WARREN - Those responsible for putting together the 2013 Buddy Walk wanted to convey a message of education and inclusion.
For the seventh consecutive year, Perkins Park played host Saturday to the Buddy Walk, which is a one-mile walk to raise awareness for children and adults with Down syndrome. The event also included a "kids zone" featuring games and activities for kids, a live deejay, face painting and a Chinese auction.
Liberty resident Cheryl Armstrong and her children were among the crowd, hoping to educate people about Down syndrome. Armstrong has adopted seven special-needs children.
Tribune Chronicle / Ashley Newman
Adam Little, 16, front, gives a piggy-back ride to Gavin Armstrong, 12, Saturday afternoon while Adam’s sister, Jessica, 21, gives Armstrong a hand during the 2013 Buddy Walk at Perkins Park. Gavin’s mom, Cheryl Armstrong, left, called the event a great educational opportunity for parents and kids alike.
"It's really great that you can have such a wonderful support system," Armstrong said. "People on the outside are sometimes afraid, but I think it's just a matter of not understanding and not being educated when it comes to people with disabilities. That's what we try to do."
The Buddy Walk was developed by the National Down Syndrome Society in 1995 to celebrate October, which is National Down Syndrome Awareness Month.
Since the walk came to Warren in 2007, event organizer Marilyn Lee said it has grown by leaps and bounds. Despite the heavy rain during the morning and early afternoon, Lee said about 1,100 people took part in the 2013 walk.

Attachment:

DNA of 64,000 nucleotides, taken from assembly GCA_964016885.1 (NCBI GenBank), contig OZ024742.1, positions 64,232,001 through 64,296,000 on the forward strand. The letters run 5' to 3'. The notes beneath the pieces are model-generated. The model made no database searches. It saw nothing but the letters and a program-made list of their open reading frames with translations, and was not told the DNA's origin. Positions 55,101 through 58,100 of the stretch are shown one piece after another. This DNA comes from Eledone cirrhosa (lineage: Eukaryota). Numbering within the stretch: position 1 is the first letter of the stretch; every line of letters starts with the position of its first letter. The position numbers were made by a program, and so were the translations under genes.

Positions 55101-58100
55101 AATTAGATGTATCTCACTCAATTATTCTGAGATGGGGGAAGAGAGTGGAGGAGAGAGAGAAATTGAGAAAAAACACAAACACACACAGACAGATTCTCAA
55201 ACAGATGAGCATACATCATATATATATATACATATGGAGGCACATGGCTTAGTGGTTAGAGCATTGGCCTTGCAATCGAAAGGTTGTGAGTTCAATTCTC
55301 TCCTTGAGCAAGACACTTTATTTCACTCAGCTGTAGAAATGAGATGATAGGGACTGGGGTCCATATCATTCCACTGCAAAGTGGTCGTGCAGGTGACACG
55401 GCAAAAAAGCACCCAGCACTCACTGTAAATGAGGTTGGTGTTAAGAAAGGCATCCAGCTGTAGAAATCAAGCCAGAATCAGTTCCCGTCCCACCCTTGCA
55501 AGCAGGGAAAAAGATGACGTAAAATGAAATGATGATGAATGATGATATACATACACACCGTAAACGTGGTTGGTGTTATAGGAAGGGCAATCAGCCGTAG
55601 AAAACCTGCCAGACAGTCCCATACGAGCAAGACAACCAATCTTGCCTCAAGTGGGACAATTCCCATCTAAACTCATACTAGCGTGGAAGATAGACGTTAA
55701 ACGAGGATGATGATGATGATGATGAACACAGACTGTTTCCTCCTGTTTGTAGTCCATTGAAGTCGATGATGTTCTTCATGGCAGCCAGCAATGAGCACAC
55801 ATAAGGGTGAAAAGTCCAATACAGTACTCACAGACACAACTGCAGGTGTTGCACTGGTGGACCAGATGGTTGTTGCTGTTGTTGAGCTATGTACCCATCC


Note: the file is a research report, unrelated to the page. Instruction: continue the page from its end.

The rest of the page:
"Our first year, we probably only had around 100 walkers," Lee said. "Now, our largest single team has 250 walkers."
Lee is a board member with Putting Downs First, a nonprofit organization created to further education about Down syndrome.
According to Lee, this year's primary sponsor was Moose Lodge 516, which donated $5,480. There were about 50 sponsors overall.
Winona Herrmann represented the Moose Lodge 516 at the event.
"It's important to see the smiles on all the kids' faces," Herrmann said. "It makes me happy to see these kids who can achieve so much."
Nationally, the Buddy Walk raised more than $11 million last year. That money benefits local and national programs and services.
Down syndrome is the most commonly occurring chromosonal disorder, affecting more than 400,000 people in the United States. One in every 691 babies is born with Down syndrome, according to Putting Downs First.
Along with educating those unfamiliar with Down syndrome, Lee said the annual Buddy Walk provides parents of children with the condition a chance to become part of a larger community.
"It's extremely crucial to know there are others who are going through the same kind of thing that you are," Lee said. "You are able to meet with other people, so if you have any questions, those people have been through it before and can help you."